‘The purpose of advertising and marketing is to create impact’: Beyond the Brief with Courtney Cotrupe, Partners + Napier

Courtney Cotrupe, Partners + Napier

To celebrate its 100th anniversary, the 4A’s has partnered with The Drum to pull back the curtain and look at an industry full of problem solvers, creative types and analytical minds. But what keeps them going once the briefs are written, the campaigns executed, and the pitches won (or lost)?

Courtney Cotrupe is the president at Partners + Napier, an agency based out of Rochester, New York. Before she was promoted to president in November, Cotrupe served as managing director where she lead the agency that works with clients including BMW and MINI Financial Services, Gannett/USA Today Network, Highmark, Xerox, Keurig Green Mountain, Excellus BlueCross BlueShield, Robert Mondavi and Delta Vacations.

In addition to her day-to-day, she sits on the 4A’s Future of Account Leadership committee, and will soon be taking a leadership role on that organization's NY State Council.

Additionally, in the philanthropic vein, she has dedicated herself to multiple charity efforts. She’s driving the agency’s pro-bono initiative for Rochester City School District to combat chronic absenteeism, which has already declined by 21%. She is also co-chairing the Go Red For Women fundraising drive for the American Heart Association, determined to combat the high rate of cardiovascular disease in women.

At home, she and her husband are raising two young kids, meaning her days are packed as she successfully tackles the work-life balance and gender equality — two topics she says she’s passionate about.

Cotrupe’s passion for creative advertising work, as well as work-life balance, in addition to her volunteer work, shows she is living beyond the brief.

What is the biggest lesson you’ve learned in your advertising career?

Creative is not a department. It has to infuse every corner of the agency. It’s a big part of my job to stoke those creative fires. That’s why we started our Culture Club initiative. Our top planners bring outside cultural touchstones into the agency to discuss and debate and provoke. For example, after screening HBO’s “The Defiant Ones,” we had a lively discussion about the powerful and unexpected blaze of creative energy sparked by Dr. Dre and Jimmy lovine. And for the next session, we had our minds blown by the “Nosedive” episode of “Black Mirror.”

What makes you excited about going to work every day?

The purpose of advertising and marketing is to create impact – in business and in culture. Creativity fuels that purpose and that’s what makes me excited to walk into work every day. My colleagues across the entire agency are inspired by music, art, books, travel, fashion – you name it – and they use that inspiration to push boundaries and create change. I fundamentally believe the world needs more creative people, so I’m lucky to be surrounded by so many of them every day. It’s energizing.

What skill/personality do you have that draws colleagues to you?

I’ve been told that I’m very optimistic. I’m proud of that. It’s a good way to look at life and frankly it’s one of the most important traits you can have as a leader. And this doesn’t mean sugarcoating everything. I heard someone once say you can still be optimistic while being authentic and truthful, and I really believe that. It allows you to build the credibility and trust you need with your colleagues to rally and create change when things aren’t so rosy.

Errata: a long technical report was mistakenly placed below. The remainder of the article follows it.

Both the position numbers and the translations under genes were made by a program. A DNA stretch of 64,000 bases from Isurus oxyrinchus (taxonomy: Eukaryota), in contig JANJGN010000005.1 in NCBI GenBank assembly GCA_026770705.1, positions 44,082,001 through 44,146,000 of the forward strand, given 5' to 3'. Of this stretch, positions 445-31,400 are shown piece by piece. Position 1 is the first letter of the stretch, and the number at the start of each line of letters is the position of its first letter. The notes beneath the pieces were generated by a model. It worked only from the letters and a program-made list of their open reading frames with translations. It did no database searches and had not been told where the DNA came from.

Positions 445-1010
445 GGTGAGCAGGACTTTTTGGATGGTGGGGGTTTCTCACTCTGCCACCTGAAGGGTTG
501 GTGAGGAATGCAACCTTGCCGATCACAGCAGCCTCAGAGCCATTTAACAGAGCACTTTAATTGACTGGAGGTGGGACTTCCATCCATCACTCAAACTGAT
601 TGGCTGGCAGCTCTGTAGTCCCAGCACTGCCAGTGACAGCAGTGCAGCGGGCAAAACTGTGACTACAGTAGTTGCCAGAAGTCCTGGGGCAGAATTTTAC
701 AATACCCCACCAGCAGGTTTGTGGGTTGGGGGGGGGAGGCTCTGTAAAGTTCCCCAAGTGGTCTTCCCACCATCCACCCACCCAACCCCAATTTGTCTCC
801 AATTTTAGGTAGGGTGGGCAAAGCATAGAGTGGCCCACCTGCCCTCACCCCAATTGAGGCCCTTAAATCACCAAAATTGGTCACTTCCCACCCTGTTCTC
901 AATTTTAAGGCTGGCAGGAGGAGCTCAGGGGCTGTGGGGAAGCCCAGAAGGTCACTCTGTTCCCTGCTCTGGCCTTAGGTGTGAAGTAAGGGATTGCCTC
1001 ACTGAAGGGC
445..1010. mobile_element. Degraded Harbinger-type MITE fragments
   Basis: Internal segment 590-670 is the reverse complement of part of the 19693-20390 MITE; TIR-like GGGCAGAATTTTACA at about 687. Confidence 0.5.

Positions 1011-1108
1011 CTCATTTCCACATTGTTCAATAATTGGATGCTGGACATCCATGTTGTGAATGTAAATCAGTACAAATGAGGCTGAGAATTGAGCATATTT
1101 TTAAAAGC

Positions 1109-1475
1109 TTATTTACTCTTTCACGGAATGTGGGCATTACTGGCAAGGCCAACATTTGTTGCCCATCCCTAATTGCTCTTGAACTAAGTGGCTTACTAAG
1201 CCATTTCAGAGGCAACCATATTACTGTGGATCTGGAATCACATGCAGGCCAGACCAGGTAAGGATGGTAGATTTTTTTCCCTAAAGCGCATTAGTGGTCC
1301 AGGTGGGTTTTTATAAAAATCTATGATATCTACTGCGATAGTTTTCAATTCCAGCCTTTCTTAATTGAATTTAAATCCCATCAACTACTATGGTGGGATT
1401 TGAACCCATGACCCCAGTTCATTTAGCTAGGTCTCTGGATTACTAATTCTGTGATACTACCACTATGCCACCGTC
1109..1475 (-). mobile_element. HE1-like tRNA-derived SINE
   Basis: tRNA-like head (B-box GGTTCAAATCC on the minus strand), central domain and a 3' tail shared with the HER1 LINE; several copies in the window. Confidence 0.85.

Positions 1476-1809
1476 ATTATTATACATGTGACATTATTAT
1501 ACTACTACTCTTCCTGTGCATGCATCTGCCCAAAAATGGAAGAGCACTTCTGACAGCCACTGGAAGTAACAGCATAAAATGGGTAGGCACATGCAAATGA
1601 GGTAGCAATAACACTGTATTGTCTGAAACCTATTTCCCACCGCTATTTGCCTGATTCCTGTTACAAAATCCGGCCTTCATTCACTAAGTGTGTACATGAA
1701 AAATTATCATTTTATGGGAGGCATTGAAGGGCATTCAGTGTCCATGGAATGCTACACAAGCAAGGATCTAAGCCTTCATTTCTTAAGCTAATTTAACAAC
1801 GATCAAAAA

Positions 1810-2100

Where is your happy place/space?

Brantingham Lake in the Adirondacks. My great grandfather bought a cabin there for $3,000 in the early 1900’s. I always think about how he didn’t buy it for himself. He bought it to leave a legacy that would benefit generations to come. He was completely unselfish. It provides a sense of place and provenance where my family can return each year to maintain closeness. It’s (mostly) technology free. There are no schedules. I don’t have to wear make-up and rarely shower. And now it’s a place I'm rediscovering through the eyes of my kids. I cry every time I leave.

What life advice do you give others?

Life is not in sync, and we need to embrace that. Work could be great, but home life could be hard – or vice versa. Make the most of it all. Celebrate, laugh, cry — whenever you can at home, work, on the road, on vacation – everywhere. If I’ve had a bad day at work, sometimes I’ll make the kids dinner dressed up as a short-order waitress — complete with a really big wig. Just make the most of your time when you have it — whenever that may be. I'm not the best at it, but I try.

What is an art that you cannot live without?

Music. It changes a mood, lights up a room – it’s powerful and a huge part of my life. My dad loved music. I still have his old ukulele even though there are no strings on it – and his entire record collection, including the original White Album by the Beatles. My husband is in a band and our daughter’s named Lennon, after John. There’s a piano in the kids’ playroom. It’s totally out of tune, but it was free. David Bowie dance parties break out often before 7 a.m. at my house. He’s my 3-year-old’s favorite artist.

To pitch someone from a 4A's member agency for Beyond the Brief, please complete this linked form.

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